Review: Uncle Tom’s Cabin

Uncle Tom's Cabin
Uncle Tom’s Cabin by Harriet Beecher Stowe
My rating: 5 of 5 stars

No idea why it took me so long to get around to reading this. It felt good to read something that portrayed slavery in the United States where the slaves were both treated as property and subhuman. Books like Gone With the Wind treat slaves as secondary family members.

Uncle Tom bothered me throughout the book. While maybe there were people who maintained such loyalty to both God and master. Pretty sure I would have been more of a George and figured a way to escape.

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Review: The Painted Bird

The Painted Bird
The Painted Bird by Jerzy Kosiński
My rating: 4 of 5 stars

I chose to read this book for Banned Books Week 2013. A quote from that September 14th blog post:

In tenth grade, this book was assigned to us. It was the most difficult book I had read to that point, but it was also by far the one I wanted to finish most. Traumatic is a good word to describe reading this book. And it has taken a couple decades to want to try reading it again.

Due to a number of parents complaining about the book, our teacher took back the copies. I marked this book as read on Goodreads, but I do not think now I really did finish it. So I plan on finishing it and making it right.

So now I have finished it.

I still think this is the most difficult book I have ever read. The main character suffers constantly from things I can only describe as torture, rape, and assault. I have seen some complaints about the amount of sex and torture in A Song of Ice and Fire. The child in this book is under the age of 12 and goes through more in the first 100 pages than the entirety of ASoIaF. Reading it was an emotional struggle, but I think a book that brings out that much emotion is good.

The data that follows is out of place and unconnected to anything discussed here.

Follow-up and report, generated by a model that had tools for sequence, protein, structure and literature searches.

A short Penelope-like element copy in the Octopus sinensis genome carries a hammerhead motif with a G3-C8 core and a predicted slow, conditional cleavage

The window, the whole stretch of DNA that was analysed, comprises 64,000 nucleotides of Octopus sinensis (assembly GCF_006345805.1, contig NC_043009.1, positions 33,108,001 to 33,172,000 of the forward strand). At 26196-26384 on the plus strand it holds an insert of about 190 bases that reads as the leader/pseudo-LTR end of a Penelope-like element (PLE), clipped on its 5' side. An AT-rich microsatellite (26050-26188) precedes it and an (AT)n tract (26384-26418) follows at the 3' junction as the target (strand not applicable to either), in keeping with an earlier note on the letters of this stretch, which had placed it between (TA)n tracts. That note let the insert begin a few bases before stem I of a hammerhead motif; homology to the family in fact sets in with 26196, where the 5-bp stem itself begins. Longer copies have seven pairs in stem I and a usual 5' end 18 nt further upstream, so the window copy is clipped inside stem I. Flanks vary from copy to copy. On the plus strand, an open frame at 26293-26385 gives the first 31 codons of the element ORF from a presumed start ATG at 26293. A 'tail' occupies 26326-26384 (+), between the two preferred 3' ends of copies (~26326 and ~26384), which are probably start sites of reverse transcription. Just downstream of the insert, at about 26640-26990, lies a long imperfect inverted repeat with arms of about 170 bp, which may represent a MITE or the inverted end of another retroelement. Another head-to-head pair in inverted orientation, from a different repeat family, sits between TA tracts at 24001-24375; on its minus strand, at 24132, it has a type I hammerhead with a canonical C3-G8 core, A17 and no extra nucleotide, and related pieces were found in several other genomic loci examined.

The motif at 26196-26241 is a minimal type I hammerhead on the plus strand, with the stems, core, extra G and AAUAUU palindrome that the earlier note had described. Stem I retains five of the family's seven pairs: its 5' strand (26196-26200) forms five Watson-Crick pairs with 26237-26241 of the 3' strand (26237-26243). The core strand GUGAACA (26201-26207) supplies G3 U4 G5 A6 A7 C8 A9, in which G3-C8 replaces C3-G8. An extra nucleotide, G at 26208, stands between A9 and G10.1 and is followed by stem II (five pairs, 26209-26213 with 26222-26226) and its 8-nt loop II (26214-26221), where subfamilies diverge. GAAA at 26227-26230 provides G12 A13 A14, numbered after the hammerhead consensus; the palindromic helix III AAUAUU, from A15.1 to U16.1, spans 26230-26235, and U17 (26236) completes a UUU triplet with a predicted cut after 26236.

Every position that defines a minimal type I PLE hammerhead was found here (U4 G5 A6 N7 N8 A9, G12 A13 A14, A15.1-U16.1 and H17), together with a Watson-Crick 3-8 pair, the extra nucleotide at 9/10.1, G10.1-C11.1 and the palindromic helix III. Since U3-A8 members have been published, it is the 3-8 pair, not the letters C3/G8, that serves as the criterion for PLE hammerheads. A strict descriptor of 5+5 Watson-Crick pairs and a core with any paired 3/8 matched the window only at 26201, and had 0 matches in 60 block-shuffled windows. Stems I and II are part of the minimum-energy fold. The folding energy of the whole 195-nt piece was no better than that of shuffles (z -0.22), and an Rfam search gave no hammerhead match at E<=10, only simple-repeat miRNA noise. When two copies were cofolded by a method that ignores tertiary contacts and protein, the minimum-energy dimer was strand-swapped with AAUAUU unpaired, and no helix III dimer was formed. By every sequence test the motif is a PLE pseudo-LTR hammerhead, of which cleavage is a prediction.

It lost a star for the ending. The last 30 or so pages left me wondering why they were included as they felt like an entirely different book. Maybe that was something like Post Traumatic Stress Disorder where after so much terror a normal text no longer feels right.

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Constitution Day

Apparently September 17th is Constitution Day. This is the day in 1787 when the document was signed. (July 4th is for the Declaration of Independence.) Schools receiving Federal funding are supposed to spend part of the day teaching about the Constitution.

I wonder how many people have a copy of it?

If you have an eBook reader, then you should be able to get a free copy of the United States Constitution. Because it is in the public domain, anyone can publish it for free. Project Gutenberg posted it back in 2003.

Top 100 Banned/Challenged Books: 2000-2009

Additional thinking about Compiled List of Challenged Books 2008-2012 made me copy Top 100 Banned/Challenged Books: 2000-2009 and do the same markup as indicated below.

Those I have already read are in bold. That appears to be fourteen.

Those already on my to-read list are in underlined. That appears to be eight.

Those I just have no interest or failed to finish are in strike-through. That appears to be one.